Some puzzles concerning relations between minds, brains, and bodies

(2016)
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Abstract

In this article I explore a number of questions that have not been adequately investigated in philosophy of mind circles: are minds located in the same place as the brains (or other computing machinery) supporting them? Must they exist at the same location as the body? Must they exist at the same time? Could a single mind be implemented in multiple brains, or multiple minds in a single brain? Under what conditions might a single mind persist despite being implemented successively in different brains? What contributions do features of the computing machinery make to these questions, compared to the contribution made by the body and embedded point of view? Some of these questions have been touched on previously, but there hasn’t been any attempt at a systematic analysis of the various consequences that different approaches in the philosophy of mind have for how the spatiotemporal location, synchronic individuation and diachronic identity of minds relates to the spatiotemporal location, synchronic individuation, and diachronic identity of both the implementing computational machinery and the embodied embedded point of view. I make a first stab at such an analysis by discussing a variety of thought experiments in which such questions of location, individuation, and identity arise, and I explore how various approaches to understanding the mind – identity theoretic, functionalist, contentualist, embodied/embedded/extended, and so forth – would respond to such situations. A number of novel issues emerge, and some surprising affinities are revealed.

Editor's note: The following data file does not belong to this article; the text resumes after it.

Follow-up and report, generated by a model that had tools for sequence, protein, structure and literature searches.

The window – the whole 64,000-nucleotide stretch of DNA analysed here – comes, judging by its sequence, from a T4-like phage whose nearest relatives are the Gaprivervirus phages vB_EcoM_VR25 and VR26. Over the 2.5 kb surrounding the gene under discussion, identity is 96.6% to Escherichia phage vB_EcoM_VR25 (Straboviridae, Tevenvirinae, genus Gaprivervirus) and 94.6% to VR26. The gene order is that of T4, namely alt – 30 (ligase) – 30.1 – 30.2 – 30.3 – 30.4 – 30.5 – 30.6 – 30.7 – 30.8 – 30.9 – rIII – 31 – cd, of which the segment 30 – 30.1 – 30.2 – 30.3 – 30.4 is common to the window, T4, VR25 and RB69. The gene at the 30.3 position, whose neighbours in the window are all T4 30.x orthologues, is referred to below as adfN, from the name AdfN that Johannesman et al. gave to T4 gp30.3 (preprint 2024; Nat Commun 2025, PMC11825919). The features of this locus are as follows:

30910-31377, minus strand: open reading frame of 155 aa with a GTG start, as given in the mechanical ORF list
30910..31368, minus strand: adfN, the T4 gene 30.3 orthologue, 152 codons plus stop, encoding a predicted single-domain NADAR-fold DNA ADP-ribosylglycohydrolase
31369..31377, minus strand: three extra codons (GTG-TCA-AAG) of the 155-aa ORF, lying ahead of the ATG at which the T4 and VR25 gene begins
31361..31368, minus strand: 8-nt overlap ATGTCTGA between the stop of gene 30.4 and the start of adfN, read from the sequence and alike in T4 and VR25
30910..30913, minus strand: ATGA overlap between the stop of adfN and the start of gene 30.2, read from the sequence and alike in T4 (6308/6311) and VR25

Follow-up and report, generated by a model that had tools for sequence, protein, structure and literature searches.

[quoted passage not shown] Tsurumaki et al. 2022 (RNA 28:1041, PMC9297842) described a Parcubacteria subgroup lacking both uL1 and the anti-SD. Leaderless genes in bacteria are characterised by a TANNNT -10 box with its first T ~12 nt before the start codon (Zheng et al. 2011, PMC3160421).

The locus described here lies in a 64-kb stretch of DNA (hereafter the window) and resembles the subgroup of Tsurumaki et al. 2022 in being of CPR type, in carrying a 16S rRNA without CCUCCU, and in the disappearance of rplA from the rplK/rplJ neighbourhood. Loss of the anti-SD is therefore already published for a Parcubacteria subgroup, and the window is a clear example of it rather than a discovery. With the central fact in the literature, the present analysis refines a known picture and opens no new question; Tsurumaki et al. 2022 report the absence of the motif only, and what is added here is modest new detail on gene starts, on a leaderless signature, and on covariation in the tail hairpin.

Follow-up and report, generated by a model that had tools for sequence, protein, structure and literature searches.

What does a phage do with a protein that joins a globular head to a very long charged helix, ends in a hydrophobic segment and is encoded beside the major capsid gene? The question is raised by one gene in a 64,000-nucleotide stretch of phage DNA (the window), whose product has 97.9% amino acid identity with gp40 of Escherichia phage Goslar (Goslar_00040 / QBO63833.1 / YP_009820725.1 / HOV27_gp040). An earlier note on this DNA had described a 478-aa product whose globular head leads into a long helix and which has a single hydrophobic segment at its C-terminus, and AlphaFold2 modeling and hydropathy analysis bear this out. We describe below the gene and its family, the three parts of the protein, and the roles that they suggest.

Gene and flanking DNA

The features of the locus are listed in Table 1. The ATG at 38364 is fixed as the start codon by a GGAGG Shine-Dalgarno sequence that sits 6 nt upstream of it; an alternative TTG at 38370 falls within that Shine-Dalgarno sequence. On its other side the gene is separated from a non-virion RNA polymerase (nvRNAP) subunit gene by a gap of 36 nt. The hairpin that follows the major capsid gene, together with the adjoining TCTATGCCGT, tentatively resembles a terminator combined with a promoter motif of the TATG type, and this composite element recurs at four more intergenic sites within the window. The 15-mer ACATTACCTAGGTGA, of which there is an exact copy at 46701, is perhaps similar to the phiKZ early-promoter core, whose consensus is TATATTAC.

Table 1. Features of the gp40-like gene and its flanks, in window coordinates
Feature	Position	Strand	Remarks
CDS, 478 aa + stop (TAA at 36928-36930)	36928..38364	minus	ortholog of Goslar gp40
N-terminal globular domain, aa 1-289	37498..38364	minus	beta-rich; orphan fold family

Author's Profile

Rick Grush
University of California, San Diego

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